4. Wang, C.; Feng, H.; Cheng, X.; Liu, K.; Cai, D.; Zhao, R. Potential Therapeutic Targets of B7 Family in Colorectal Cancer. Front. Immunol. 2020, 11, 681. [Google Scholar] [CrossRef]
  5. Zhong, Q.; Peng, H.L.; Zhao, X.; Zhang, L.; Hwang, W.T. Effects of BRCA1- and BRCA2-related mutations on ovarian and breast cancer survival: A meta-analysis. Clin. Cancer Res. 2015, 21, 211–220. [Google Scholar] [CrossRef]
  6. Liu, J.; Doty, T.; Gibson, B.; Heyer, W.D. Human BRCA2 protein promotes RAD51 filament formation on RPA-covered single-stranded DNA. Nat. Struct Mol. Biol. 2010, 17, 1260–1262. [Google Scholar] [CrossRef]
  7. Lord, C.J.; Ashworth, A. The DNA damage response and cancer therapy. Nature 2012, 481, 287–294. [Google Scholar] [CrossRef]
  8. Davies, H.; Glodzik, D.; Morganella, S.; Yates, L.R.; Staaf, J.; Zou, X.; Ramakrishna, M.; Martin, S.; Boyault, S.; Sieuwerts, A.M.; et al. HRDetect is a predictor of BRCA1 and BRCA2 deficiency based on mutational signatures. Nat. Med. 2017, 23, 517–525. [Google Scholar] [CrossRef]
  9. Wang, N.; Yang, Y.; Jin, D.; Zhang, Z.; Shen, K.; Yang, J.; Chen, H.; Zhao, X.; Yang, L.; Lu, H. PARP inhibitor resistance in breast and gynecological cancer: Resistance mechanisms and combination therapy strategies. Front. Pharmacol. 2022, 13, 967633. [Google Scholar] [CrossRef]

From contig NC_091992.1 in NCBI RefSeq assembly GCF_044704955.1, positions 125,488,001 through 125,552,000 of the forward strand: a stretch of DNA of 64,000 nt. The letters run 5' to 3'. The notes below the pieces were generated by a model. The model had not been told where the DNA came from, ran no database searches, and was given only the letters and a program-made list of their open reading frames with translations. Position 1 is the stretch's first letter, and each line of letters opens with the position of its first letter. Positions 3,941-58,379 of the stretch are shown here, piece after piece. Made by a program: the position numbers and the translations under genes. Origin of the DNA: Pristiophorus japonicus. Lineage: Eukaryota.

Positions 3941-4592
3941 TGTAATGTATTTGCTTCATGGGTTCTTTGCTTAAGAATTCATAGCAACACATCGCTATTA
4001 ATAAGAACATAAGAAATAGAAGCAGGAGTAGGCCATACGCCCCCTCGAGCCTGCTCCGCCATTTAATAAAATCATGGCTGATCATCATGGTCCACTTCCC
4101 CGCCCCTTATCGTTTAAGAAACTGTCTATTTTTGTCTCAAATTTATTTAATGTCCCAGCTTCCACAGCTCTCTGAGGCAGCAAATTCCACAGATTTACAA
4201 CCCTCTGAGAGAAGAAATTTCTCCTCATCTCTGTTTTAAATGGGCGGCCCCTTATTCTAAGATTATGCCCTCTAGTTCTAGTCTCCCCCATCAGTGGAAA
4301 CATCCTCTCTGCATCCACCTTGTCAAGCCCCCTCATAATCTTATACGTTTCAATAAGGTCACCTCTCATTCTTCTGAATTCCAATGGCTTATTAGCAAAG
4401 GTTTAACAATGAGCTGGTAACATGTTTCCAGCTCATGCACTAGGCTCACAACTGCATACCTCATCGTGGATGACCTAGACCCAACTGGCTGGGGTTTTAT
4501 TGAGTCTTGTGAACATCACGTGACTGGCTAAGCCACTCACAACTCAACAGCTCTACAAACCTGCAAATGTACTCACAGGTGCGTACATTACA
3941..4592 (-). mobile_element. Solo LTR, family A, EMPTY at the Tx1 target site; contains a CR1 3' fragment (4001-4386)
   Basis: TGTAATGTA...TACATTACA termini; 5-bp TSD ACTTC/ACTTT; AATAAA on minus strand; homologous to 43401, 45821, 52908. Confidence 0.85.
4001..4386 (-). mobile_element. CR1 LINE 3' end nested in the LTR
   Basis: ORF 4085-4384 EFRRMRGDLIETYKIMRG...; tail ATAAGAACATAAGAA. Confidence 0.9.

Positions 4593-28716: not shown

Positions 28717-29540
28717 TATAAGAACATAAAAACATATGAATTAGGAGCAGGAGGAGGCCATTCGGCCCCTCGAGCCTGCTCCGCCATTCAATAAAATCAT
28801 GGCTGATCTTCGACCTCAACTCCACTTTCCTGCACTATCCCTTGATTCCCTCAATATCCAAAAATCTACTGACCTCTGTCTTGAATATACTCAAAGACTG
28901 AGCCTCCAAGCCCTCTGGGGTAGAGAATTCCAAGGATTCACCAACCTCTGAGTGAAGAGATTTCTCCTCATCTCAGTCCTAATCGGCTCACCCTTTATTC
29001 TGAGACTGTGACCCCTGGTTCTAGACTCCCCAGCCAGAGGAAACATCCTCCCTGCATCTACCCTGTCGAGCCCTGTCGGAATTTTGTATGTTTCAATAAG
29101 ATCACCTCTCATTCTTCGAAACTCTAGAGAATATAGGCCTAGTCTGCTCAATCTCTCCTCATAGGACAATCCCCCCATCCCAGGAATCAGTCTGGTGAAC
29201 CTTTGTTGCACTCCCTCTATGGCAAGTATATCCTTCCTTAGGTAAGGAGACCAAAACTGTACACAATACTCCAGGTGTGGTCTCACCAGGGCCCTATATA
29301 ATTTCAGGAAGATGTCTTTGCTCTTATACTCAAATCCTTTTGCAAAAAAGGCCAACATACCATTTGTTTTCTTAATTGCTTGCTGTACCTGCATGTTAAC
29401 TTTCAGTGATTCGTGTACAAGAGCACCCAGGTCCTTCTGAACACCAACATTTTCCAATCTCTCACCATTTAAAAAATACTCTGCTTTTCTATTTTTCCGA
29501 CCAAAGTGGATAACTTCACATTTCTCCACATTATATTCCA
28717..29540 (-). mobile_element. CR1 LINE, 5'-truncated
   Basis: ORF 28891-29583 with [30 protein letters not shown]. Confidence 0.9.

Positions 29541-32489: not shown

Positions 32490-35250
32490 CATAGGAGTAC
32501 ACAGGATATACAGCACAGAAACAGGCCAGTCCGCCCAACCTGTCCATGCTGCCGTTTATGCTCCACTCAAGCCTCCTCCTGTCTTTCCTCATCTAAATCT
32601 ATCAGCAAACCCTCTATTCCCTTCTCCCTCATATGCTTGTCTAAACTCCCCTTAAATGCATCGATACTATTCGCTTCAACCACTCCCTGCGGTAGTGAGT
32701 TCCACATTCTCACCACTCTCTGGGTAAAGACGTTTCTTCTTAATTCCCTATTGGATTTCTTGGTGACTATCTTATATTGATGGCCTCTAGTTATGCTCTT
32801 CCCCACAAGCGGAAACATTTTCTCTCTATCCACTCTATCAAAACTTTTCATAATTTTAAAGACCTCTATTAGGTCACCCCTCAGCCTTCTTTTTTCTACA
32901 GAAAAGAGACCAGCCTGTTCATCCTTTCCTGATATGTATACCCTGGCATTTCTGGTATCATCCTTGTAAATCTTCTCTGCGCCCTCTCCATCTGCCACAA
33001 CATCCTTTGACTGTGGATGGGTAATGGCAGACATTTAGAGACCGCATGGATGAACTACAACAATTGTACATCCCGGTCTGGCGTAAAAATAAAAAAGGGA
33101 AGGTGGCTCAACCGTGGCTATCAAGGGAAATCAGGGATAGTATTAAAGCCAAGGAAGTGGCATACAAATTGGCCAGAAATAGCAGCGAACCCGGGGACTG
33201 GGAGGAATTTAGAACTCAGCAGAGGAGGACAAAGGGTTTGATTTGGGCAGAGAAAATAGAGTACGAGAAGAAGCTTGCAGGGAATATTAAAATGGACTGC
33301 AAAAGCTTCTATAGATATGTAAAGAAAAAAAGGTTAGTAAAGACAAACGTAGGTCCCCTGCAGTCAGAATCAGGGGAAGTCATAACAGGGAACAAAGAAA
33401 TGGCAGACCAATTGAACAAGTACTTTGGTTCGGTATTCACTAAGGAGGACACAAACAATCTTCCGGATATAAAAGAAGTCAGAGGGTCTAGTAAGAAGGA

10. Tutt, A.; Tovey, H.; Cheang, M.C.U.; Kernaghan, S.; Kilburn, L.; Gazinska, P.; Owen, J.; Abraham, J.; Barrett, S.; Barrett-Lee, P.; et al. Carboplatin in BRCA1/2-mutated and triple-negative breast cancer BRCAness subgroups: The TNT Trial. Nat. Med. 2018, 24, 628–637. [Google Scholar] [CrossRef]
  11. Telli, M.L.; Timms, K.M.; Reid, J.; Hennessy, B.; Mills, G.B.; Jensen, K.C.; Szallasi, Z.; Barry, W.T.; Winer, E.P.; Tung, N.M.; et al. Homologous Recombination Deficiency (HRD) Score Predicts Response to Platinum-Containing Neoadjuvant Chemotherapy in Patients with Triple-Negative Breast Cancer. Clin. Cancer Res. 2016, 22, 3764–3773. [Google Scholar] [CrossRef] [PubMed]
  12. Hoppe, M.M.; Sundar, R.; Tan, D.S.P.; Jeyasekharan, A.D. Biomarkers for Homologous Recombination Deficiency in Cancer. J. Natl Cancer Inst. 2018, 110, 704–713. [Google Scholar] [CrossRef] [PubMed]
  13. Miller, R.E.; Leary, A.; Scott, C.L.; Serra, V.; Lord, C.J.; Bowtell, D.; Chang, D.K.; Garsed, D.W.; Jonkers, J.; Ledermann, J.A.; et al. ESMO recommendations on predictive biomarker testing for homologous recombination deficiency and PARP inhibitor benefit in ovarian cancer. Ann. Oncol 2020, 31, 1606–1622. [Google Scholar] [CrossRef] [PubMed]